EMERGENCY BRAKING TESTING
The effectiveness of the ETBS can be shown by calculating the residual speed of the vehicle if it was not fitted with the system. If the residual vehicle speed is calculated for each of the speeds in Table 5.2 under the test conditions, we get the following:
WHAT DO THESE SPEED DIFFERENTIALS MEAN IN TERMS OF REDUCTION IN INJURY?
The results obtained by Ashton and Mackay1 (1979) show that in an impact with a pedestrian at a speed of 35km/h (standard vehicle), there is still a possibility of fatal injury occurring to a pedestrian, a 65% chance of serious injury and about 32% chance of slight injury. While at an impact speed of 20 km/h (ETBS equipped vehicle), the injuries are most likely to be slight with only a 10 to 15% risk of being severe.
Similarly the work of Richards2 (2010) shows a 10% risk of fatal injuries and a 60% risk of serious injury for a pedestrian hit at 35 km/h (19.5 mph) for the standard vehicle stopping from 80 km/h. While at an impact speed of 20 km/h (12 mph) for the ETBS equipped vehicle stopping from 80 km/h, the injuries are most likely to be slight with only a 20% risk of being severe. In a pedestrian impact involving braking from speed, the vehicle with ETBS gives a significant reduction in injury risk.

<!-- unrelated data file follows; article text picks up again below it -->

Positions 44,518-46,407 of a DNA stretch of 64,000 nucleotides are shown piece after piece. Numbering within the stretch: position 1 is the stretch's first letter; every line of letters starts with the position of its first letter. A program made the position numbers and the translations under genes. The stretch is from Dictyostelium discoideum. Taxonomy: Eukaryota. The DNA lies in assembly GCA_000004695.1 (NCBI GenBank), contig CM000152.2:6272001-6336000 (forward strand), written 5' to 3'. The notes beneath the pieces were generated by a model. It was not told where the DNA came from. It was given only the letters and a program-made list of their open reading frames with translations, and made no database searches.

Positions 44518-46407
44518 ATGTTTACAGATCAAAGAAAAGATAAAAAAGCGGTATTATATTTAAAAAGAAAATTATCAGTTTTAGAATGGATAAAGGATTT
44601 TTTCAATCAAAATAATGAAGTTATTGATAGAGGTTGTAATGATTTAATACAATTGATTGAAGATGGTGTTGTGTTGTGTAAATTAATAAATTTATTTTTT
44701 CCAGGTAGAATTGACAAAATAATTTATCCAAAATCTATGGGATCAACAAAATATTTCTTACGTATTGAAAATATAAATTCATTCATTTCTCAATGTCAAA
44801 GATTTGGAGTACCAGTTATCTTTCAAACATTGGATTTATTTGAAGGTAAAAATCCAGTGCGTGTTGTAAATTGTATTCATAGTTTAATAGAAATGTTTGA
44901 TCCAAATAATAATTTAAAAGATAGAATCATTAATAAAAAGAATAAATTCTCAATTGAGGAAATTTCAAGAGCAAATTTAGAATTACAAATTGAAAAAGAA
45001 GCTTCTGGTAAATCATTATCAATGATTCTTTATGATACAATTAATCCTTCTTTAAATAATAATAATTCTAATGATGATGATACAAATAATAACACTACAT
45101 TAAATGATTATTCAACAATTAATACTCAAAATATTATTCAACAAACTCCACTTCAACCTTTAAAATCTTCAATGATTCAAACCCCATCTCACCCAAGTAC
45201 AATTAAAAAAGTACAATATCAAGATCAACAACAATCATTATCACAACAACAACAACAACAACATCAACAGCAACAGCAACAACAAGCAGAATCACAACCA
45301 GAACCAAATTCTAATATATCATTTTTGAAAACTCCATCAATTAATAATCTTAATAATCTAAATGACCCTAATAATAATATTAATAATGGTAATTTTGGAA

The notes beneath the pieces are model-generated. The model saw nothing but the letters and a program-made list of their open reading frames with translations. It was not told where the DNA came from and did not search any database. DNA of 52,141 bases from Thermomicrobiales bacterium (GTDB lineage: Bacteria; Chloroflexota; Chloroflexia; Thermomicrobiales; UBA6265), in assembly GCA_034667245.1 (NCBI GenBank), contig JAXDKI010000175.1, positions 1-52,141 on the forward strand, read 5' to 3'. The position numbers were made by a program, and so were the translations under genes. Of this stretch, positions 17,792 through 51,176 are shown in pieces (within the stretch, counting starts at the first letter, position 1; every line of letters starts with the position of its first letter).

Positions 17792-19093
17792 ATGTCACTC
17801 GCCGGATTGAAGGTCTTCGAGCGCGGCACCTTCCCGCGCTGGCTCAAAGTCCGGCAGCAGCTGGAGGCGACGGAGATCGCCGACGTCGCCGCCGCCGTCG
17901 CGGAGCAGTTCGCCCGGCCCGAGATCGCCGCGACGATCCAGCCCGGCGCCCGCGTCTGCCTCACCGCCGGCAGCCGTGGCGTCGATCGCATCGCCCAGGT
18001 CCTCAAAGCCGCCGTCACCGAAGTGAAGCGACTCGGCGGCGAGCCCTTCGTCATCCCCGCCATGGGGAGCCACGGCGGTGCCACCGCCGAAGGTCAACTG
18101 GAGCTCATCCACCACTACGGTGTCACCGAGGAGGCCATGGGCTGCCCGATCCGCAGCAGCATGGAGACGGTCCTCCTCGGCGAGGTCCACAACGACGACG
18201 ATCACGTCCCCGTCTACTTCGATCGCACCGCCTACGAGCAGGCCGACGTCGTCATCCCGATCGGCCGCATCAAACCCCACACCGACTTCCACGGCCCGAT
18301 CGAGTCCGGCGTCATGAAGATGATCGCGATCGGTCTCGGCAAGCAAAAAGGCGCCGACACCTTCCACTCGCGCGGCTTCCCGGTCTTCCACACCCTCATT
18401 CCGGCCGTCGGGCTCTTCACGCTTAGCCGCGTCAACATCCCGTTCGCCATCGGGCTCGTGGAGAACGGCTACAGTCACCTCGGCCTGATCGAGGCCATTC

The Emergency Vehicle Driver Training for United States Fire Administration states that “the emergency vehicle driver must possess fine coordination in controlling his vehicle and reacting to traffic problems. He cannot drive faster than traffic permits, nor should he drive faster than his ability to stop in an emergency.
Excessive speed, reckless driving, failing to slow down or obey signals, disregarding traffic rules and regulations, and failing to heed warning signals are often prime factors in such emergency vehicle accidents. It is in this area that the ETBS has the potential to assist the emergency vehicle driver by speeding response times and reducing braking distances.
1. Ashton SJ, Mackay GM (1979) “Some characteristics of the population who suffer trauma as pedestrians when hit by cars and some resulting implications”. Proceedings of the 4th IRCOBI Conference.
2. Richards DC. (2010) “Road Safety Web Publication No. 16: Relationship between Speed and Risk of Fatality: Pedestrians and Car Occupants”, Department of Transport, London.